In August 1720, Villasur’s army arrived at the Platte River somewhere around Grand Island. The troops crossed the Platte and then the Loup River where Villasur started encountering Oto and Pawnee Indians. He attempted to negotiate with them at various times using a Spanish slave who was a Pawnee named Francisco Sistaca. Near present-day Schuyler, Nebraska, Sistaca disappeared. Villasur became very nervous about the belligerence and numbers of the local Indians, whose villages were south of the Platte, near present-day Bellwood and Linwood. So, his army turned around and returned to the Loup River. They crossed the river and set up a camp in a meadow covered with very tall grass, probably located just south of modern-day Columbus, Nebraska.
At dawn on August 14, 1720, a huge force of Indian warriors, possibly accompanied by French traders, attacked the camp. Most of the Spanish were still asleep and the tall grass made it easy for the Pawnee to slip in close. There is speculation that Sistaca had informed his people (the Pawnee) of the best time to attack.
General Villasur was killed in the first attack. The soldiers around him who were still alive formed in a circle. There were other Spanish soldiers who were holding the horses nearby. They were also under attack, but they managed to saddle some of the horses and three of the men charged through the enemy forces towards the circle of troops. One of the three men who made the charge was successful in reaching the circle and seven soldiers escaped via horseback. One of these survivors had been shot nine times and had already been scalped. The Pueblo scouts with Villasur were in a separate camp and did not suffer the full brunt of the attack by the Pawnee and Oto. Still, 11 of them died in the fighting.
The battle lasted for only a few minutes and when it was over, 35 Spaniards were dead, including Villasur, the priest Minguez, Naranjo, one civilian, one lieutenant, one corporal, the quartermaster, and eight soldiers. Forty-nine Pueblo Indians and all of the Apache escaped. The battle was a massacre.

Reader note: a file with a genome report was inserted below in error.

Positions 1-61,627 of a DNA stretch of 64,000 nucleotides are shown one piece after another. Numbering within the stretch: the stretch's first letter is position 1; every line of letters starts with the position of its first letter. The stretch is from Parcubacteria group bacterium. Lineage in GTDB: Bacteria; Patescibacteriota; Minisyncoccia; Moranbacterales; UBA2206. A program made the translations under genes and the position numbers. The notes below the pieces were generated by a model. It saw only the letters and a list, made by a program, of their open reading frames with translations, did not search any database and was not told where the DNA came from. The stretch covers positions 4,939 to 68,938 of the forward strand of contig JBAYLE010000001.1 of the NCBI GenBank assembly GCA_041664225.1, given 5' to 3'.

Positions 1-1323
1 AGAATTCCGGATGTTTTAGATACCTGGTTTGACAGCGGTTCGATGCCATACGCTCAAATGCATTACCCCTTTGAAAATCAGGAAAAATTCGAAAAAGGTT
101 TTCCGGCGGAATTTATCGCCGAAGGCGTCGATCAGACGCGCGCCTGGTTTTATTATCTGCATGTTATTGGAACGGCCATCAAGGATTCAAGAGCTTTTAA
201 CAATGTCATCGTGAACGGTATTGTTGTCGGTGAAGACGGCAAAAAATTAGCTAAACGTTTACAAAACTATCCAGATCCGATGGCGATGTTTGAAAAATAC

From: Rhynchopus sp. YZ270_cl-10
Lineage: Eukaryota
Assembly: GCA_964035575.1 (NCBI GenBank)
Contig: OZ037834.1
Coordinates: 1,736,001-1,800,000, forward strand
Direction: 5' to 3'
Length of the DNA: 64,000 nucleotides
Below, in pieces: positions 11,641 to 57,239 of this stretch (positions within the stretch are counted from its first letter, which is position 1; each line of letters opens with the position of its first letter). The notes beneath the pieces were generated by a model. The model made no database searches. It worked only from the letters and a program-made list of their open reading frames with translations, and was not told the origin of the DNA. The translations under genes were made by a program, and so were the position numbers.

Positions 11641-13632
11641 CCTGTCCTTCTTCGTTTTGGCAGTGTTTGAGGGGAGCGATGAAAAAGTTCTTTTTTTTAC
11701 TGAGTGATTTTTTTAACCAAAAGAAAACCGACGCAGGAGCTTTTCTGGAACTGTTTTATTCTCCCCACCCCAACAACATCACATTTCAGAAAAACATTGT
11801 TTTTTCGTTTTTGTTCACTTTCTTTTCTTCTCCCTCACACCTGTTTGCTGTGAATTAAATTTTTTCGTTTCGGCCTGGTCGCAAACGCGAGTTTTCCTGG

The survivors retreated to Santa Fe and reached home on September 6, 1720, 24 days after the battle. Some of the survivors blamed the French fur traders for their defeat.
This battle was the biggest defeat for Europeans in Nebraska to that time and the biggest victory for Native Americans. It was a major reversal for the Spanish. The governors in New Mexico investigated who was to blame for the defeat for the next seven years.
Meanwhile, the French in present-day Illinois learned of the defeat in October and sensationalized the victory by their Indian allies. The Native Americans brought Spanish swords, guns, clothing, and even part of Villasur’s diary from the battlefield.
No doubt the Spanish defeat had a major demoralizing effect upon the Spanish forces in New Mexico. The province had lost a general, its finest scout, a priest, and some of its best frontiersmen. Officials in New Mexico feared an invasion by the French. The defeat of Villasur’s elite army was followed by a series visits from Frenchmen in New Mexico territory who were seeking trade with the Indians and fueling the Spanish hysteria. However, the French had little success in establishing trade in the New Mexico and eventually gave up their effort. After that, they relied upon Indians to act as middlemen.